If we use some of this maths, we can work out the energy required to “contain” an electron for example within an atom or an atomic nucleus. (p=momentum, Δp for our purposes)
E= mc2 for mass and energy equivalence and E= 1/2 mv2 for kinetic energy >>
or for Kinetic Energy E= (mc) 2 /2m >> or E=p2 / 2m
These two are not related equations. In the first equation E = m.c^2 the equivalence of mass and energy is stated.
In the second equation E = 1/2 m.v^2 the relationship between the kinetic energy and velocity of a mass m is stated.
Δp=h/Δx. So calculating,
Assume atomic size is 0.4 nm Δp=h/Δx = 6.6261.E-34 J.s/ 4.E-10 m=1.6565.E-24 J.s/m
or E=p2 / 2m = (1.6565.E-24) 2 / 2 / 9.11.E-31 kg/1.60 J/ev conversion factor
gives 9.4 ev (electron volts)
So calculating Energy gives:
- Assume atomic size is 0.4 nm 9.40 ev (electron volts) to retain electron within the atom
- Assume Nuclear size is 1/20 000 of 0.4 nm = 9.4* 400e6 / 1 e9 GeV=3.76 GeV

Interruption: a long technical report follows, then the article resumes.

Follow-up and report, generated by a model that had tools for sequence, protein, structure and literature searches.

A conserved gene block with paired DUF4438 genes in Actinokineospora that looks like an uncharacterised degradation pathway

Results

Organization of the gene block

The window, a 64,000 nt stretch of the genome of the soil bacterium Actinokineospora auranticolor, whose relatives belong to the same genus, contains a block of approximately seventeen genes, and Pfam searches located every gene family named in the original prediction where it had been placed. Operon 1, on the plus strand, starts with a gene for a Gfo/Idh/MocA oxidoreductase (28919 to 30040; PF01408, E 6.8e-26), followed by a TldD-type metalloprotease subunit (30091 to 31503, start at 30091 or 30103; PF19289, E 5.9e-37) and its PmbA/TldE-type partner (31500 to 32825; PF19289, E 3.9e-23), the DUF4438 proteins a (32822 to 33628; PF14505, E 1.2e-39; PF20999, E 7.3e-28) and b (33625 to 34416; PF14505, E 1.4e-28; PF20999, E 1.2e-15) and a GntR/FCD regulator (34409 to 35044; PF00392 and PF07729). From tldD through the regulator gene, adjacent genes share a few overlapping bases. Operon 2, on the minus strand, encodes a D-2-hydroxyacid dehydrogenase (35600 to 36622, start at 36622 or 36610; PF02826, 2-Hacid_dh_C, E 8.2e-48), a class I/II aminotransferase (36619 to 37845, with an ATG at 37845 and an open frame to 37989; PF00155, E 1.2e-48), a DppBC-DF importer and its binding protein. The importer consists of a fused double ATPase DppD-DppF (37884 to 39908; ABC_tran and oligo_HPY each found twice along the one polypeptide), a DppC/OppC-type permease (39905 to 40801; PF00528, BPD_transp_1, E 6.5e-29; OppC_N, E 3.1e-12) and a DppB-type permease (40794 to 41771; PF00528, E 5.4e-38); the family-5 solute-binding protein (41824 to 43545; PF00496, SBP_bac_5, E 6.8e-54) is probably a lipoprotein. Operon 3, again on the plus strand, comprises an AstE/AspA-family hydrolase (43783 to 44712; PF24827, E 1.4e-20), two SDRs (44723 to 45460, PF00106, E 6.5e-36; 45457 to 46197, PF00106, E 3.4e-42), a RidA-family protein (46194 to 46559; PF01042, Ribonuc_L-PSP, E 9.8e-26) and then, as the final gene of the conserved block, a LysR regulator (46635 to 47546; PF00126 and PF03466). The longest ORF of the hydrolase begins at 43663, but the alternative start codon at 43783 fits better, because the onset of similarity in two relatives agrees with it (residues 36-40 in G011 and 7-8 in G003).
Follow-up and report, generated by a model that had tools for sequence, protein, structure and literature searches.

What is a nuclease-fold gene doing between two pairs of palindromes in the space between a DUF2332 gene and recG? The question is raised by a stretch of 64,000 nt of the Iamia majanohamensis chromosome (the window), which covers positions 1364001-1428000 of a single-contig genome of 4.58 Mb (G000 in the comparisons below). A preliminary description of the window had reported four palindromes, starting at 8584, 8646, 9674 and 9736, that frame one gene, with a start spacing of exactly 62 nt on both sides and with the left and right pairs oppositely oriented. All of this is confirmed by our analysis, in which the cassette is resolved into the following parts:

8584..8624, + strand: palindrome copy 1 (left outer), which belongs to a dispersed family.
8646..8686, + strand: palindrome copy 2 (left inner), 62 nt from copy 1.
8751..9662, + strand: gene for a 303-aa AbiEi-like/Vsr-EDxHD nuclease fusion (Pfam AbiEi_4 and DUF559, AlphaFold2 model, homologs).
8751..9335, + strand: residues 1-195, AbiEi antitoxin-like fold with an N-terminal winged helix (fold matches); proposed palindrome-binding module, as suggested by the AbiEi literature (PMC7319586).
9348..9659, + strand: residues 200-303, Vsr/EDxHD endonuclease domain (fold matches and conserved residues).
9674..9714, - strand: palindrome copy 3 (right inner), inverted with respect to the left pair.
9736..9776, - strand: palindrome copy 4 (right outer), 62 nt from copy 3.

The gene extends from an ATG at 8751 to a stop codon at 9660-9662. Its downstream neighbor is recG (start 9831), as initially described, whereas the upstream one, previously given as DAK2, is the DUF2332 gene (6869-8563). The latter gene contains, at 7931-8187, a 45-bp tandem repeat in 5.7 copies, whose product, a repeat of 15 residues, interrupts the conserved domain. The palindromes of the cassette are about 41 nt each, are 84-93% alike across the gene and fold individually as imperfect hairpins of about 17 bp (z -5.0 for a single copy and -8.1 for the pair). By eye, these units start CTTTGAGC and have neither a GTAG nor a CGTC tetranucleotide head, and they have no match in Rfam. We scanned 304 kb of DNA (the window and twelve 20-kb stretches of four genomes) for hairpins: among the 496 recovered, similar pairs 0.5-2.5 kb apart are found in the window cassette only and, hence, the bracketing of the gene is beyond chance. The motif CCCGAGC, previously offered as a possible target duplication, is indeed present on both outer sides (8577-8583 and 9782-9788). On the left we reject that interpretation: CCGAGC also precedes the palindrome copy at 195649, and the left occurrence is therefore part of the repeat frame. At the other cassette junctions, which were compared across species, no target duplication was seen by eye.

to retain electron within the nucleus of the atom = 3.76 GeV
- Assume Proton mass is 1836 * Electron Mass= 3.76 /1836 * 1000 Mev = 2.05 Mev
- to retain the proton within the nucleus of the atom = 2.05 Mev
Kinkajou : So why we digressing into atomic structures?
Erasmus : When we start talking about astronomical phenomena, the numbers start becoming useful. The suns of our universe literally form a giant laboratory of subatomic reactions at macroscopic scales. Explanations and theories become important.
Nature of Matter in Universe
Non Baryonic Matter
Any other examples we can see that having Planck’s constant within the formula determines the size of the confinement that can be produced by the fundamental forces of electromagnetism or from strong nuclear forces. In short this constant determines the size of atoms and their nuclei.
When we consider objects such as electrons in very small “orbits” for example such as around an atomic nucleus, the only possible orbital states must been exact multiple of the Planck’s constant. Crudely put this mechanism explains why atoms can only shrink to a certain point and still remain stable.
Advanced Bohr Atom